The lyrics of Freddie McGregor's Big Ship rocked out in my head as I boarded the massive Norwegian Pearl cruise liner. It was a rainy Saturday afternoon in South Beach Miami. The lyrics were particularly fitting as I was about to embark on the second annual Jamrock Cruise -- A massive reggae party lasting five days; spanning from Miami to Falmouth, then to Ocho Rios, then back to Miami.
The musical line-up was a thing of legends: Supercat, Bounty Killer, Capelton, Junior Gong (my current favourite), Stephen Marley (my fast up-and-coming favourite), Cham, Spragga Benz, Ky-Mani Marley, Third World, and many more.
The vibrations signified that it would be a trip for the ages. Kindred spirits, black, white, and everything in-between rocking to cries of "One love", "Chant down Babylon" and "Resist the system" as we traversed the Caribbean Sea.
The actor Malik Yoba (see Empire) even took the stage to show one of the all-time legends Sir Barrington Levy some love; however, with each cry of "Free Buju" -- and they came frequently-- from various artistes, I couldn't help but feel that there was a tremendous irony and lesson to be learnt.
The first time I heard the word "deportee" was at VP Records in Queens, New York. It was during a Saturday morning pilgrimage (some time in 1993) with my stepdad to buy records. I first heard the unmistakeable voice of Buju Banton singing his hit Deportees (Things Change). Buju, clearly ahead of his time, was able to give language and meaning to a social issue that had yet to truly develop into the monster it is today.
More than two decades later, the popular perception of a deportee in Caribbean communities today still mirrors closely that of Buju's hit song -- living the high life in a foreign land, fuelled by drug money or other illegal activities; no regard for the suffering and poverty back home, then to have it all disappear when you get arrested, convicted, imprisoned, and ultimately deported, "Back together, again, mi baby fren" was the not-so-kind homecoming Buju warned for the deportee.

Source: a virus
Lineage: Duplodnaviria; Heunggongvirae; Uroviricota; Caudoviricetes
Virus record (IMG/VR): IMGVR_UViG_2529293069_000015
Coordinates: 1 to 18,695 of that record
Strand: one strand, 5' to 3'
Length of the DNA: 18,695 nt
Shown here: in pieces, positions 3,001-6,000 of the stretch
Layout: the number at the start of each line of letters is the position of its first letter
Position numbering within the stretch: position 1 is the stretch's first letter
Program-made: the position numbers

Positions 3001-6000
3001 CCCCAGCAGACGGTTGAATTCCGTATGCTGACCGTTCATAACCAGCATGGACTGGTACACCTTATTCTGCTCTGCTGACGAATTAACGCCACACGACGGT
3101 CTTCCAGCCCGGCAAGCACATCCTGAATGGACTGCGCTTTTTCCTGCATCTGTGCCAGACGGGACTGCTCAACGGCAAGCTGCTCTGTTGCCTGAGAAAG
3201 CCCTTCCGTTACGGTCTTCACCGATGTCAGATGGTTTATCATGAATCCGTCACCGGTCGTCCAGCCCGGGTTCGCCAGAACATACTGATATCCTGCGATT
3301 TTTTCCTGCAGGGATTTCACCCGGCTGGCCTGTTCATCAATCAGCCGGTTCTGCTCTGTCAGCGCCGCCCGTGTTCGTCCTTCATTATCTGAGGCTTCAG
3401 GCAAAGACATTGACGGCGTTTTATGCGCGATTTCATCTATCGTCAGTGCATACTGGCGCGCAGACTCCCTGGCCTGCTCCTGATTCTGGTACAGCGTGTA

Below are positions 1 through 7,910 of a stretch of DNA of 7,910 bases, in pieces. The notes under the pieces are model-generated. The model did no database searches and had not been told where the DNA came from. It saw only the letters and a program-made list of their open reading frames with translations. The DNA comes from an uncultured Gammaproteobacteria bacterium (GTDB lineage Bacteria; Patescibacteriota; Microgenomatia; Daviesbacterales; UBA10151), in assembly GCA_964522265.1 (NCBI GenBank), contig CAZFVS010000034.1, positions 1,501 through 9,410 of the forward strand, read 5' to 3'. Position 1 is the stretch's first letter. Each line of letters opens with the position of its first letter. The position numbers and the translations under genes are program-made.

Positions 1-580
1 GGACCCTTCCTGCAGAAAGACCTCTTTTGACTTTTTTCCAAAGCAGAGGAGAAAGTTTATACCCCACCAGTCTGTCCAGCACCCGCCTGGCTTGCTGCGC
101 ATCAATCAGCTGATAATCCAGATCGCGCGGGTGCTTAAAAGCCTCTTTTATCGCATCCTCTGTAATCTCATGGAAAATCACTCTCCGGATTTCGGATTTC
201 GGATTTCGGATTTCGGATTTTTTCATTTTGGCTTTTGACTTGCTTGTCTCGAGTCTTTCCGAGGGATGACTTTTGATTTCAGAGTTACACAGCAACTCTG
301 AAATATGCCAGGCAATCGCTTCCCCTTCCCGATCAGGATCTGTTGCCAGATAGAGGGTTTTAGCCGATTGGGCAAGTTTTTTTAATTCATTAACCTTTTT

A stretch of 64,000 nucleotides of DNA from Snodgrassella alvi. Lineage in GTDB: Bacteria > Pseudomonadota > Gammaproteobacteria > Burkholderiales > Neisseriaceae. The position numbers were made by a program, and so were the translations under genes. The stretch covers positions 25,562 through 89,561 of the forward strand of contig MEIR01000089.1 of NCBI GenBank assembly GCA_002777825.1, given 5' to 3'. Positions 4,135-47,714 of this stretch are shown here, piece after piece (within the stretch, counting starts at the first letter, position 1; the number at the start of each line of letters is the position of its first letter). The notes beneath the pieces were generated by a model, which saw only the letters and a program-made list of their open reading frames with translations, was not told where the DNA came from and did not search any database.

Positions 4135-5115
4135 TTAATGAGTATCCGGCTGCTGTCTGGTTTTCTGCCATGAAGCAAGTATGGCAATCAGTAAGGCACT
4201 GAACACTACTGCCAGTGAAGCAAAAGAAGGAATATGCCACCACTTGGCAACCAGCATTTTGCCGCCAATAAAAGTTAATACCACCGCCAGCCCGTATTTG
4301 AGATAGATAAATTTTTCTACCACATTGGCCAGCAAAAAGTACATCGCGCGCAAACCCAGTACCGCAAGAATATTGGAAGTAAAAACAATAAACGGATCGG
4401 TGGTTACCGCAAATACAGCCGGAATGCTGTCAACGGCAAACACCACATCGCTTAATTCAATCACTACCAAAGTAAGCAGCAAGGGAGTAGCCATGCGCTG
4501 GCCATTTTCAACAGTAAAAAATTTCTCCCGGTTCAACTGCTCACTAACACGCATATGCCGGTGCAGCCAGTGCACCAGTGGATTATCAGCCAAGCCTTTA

But what if this perception is wrong? What if most (keyword) deportees are nothing more than victims of the continued human, social and economic oppression of black and brown people in America perpetuated no less through the insidious system of mass incarceration? What if?
Sankofa is a terminology I first heard while visiting West Africa. It implies that to go forward you must sometimes go back. With that said, allow me to take you back to a not too distant past, one with significant implications for the deportee conversation in Jamaica.
The Thirteenth Amendment to the United States Constitution, in 1865, is often recognised as the law ending slavery in America. It made slavery unconstitutional "except as punishment for crime whereof the party shall have been duly convicted" (US Const. amend. XIV). Immediately after Emancipation, "black codes" were passed that essentially criminalised all facets of black life in America.
The newly freed blacks could be arrested for looking whites in the eye or simply walking on the same side of the street; they would further be arrested for homelessness, unemployment, or for having occupations outside of those involving servitude to whites (see The New Jim Crow by Michelle Alexander).
Once arrested, and subsequently convicted, most of these people would be leased out, aptly named "the convict leasing system", to the same plantations from which they were just freed. The brutality and workload was now even more intense as they were now convicts -- lawbreakers, disposable, occupying a social position even beneath that of a chattel slave.
The black codes created a boom in the prison industry, precipitating the birth of mass incarceration in the United States. They also served as the catalyst for "neo-slavery", as the great African American historian W E B Dubois noted.
If you have enjoyed reading BuJu and The Deportee thus far, please click on the link below to read the article in its entirety: